This is the story of Magnus Erlendson, Earl of Orkney in the Twelfth Century; or rather (as it says in the book) “half-earl”, for there were two heirs, Magnus and his cousin Hakon Paulson; the story of Magnus, the mystic, who cares for the seal injured by hunters, who sits in the prow of a ship reading a book during a great sea battle, and was born to be a saint.

But he was also born to be Earl of Orkney, and half the islands support him. There is civil war, during which the islanders are reduced to poverty and despair. In the end, after three years of fighting, Magnus is killed by treachery when he agrees to meet his cousin for peace talks.

George Mackay Brown, who died in 1996, was primarily a poet, and this is his most poetic novel, a long prose poem. He was also a superb short story writer and, like his wonderful first novel, “Greenvoe“, and the Booker-shortlisted “Beside the Ocean of Time“, this book reads like a series of short stories. Yet the same characters appear and reappear throughout, some (like the tinker couple, Jock and Mary, and Magnus’ boyhood companions) growing older along with Magnus, others (like the peasants Mans and Hild, and Bishop William) archetypes who are always there unchanging like a chorus in the background.

One of its most unconventional features (considered as Historical Fiction) is that it occasionally slips out of its twelfth-century setting. During the war between the two earls, we are suddenly presented with a news bulletin in modern radio idiom. Then Magnus foresees how it might be, how “in an evil time, when all the furrows are disordered, a chosen man might have to mingle himself with the dust […] Two images came unbidden into his mind. He saw himself in the mask of a beast being dragged to a primitive stone. A more desolate image followed, from some far reach of time: he saw a man walking the length of a bare white ringing corridor to a small cube-shaped interior full of hard light; in that hideous clarity the man would die.”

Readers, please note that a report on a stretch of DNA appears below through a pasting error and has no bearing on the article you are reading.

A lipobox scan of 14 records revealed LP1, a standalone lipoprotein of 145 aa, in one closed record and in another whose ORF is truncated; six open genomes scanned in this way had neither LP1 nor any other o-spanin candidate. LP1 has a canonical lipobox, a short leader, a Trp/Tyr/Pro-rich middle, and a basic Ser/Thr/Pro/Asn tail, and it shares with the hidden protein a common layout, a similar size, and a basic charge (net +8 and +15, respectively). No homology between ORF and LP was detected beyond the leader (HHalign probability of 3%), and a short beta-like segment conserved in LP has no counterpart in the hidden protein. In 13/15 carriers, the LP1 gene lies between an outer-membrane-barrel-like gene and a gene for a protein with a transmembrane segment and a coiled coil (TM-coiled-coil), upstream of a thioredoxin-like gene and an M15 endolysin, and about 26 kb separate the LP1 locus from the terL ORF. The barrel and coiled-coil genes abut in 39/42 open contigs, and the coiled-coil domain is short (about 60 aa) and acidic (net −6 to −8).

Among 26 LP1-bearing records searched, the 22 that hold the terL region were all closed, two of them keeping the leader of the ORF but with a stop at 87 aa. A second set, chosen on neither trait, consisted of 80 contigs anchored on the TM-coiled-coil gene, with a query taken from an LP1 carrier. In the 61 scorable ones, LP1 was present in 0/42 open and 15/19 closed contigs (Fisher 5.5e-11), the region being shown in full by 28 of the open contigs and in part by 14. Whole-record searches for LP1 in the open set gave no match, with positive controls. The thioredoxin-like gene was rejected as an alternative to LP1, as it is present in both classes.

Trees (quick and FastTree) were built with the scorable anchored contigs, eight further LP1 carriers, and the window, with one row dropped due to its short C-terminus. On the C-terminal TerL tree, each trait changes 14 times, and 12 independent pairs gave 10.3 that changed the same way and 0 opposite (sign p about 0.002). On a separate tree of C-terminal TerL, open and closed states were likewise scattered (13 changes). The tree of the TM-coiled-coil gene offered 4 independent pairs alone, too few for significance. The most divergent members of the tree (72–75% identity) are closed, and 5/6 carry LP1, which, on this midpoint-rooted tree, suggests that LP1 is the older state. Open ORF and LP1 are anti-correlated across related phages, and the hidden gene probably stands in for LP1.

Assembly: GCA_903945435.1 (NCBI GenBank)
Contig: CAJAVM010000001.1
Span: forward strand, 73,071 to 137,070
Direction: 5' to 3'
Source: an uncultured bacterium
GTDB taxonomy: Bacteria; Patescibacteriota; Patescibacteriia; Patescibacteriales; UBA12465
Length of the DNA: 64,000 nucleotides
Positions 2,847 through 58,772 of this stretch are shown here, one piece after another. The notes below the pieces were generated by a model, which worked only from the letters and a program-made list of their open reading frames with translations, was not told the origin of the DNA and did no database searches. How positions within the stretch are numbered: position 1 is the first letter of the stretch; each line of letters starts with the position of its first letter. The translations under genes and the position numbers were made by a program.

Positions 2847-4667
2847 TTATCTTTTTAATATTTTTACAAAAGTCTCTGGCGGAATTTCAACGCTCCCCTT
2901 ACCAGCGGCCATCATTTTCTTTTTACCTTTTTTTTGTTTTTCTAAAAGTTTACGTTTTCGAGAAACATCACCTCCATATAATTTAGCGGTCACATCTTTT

And in the end it is not the death of Magnus at the primitive sacrificial stone that we witness at all, it is death at the end of the white corridor, the death of the Protestant theologian Dietrich Bonhoeffer at the hands of the Nazis. And Hakon Paulson’s foreign cook, whom he orders to ‘perform the sacrifice’ is called Lifolf – as is the officers’ chef at Flossenberg, who is called upon to hang Bonhoeffer in a special ceremony on April 9th 1945, one of the last executions of the war and performed at the express orders of Hitler himself.

Unconventional yes, and in fact one of the best examples I know of the novel as an all-encompassing work of art, but not a difficult read. On the contrary, it is easy reading, and at times un-put-downable. There are moments and scenes which engrave themselves on your memory (like when Hild tells Mans to give the tinkers food and drink, and says “We’re only as rich as the poorest one among us”) and when you finish the book you feel you understand a little more of the nature of religion and of sacrifice, and of man’s place on the earth – and indeed in the universe.

George Mackay Brown returned to Earl Magnus in the short story The Feast at Papay, which, for those – like me – left thirsting for more, forms a delightful postscript to the novel. It is included in his short story collection Andrina, and is also highly recommended.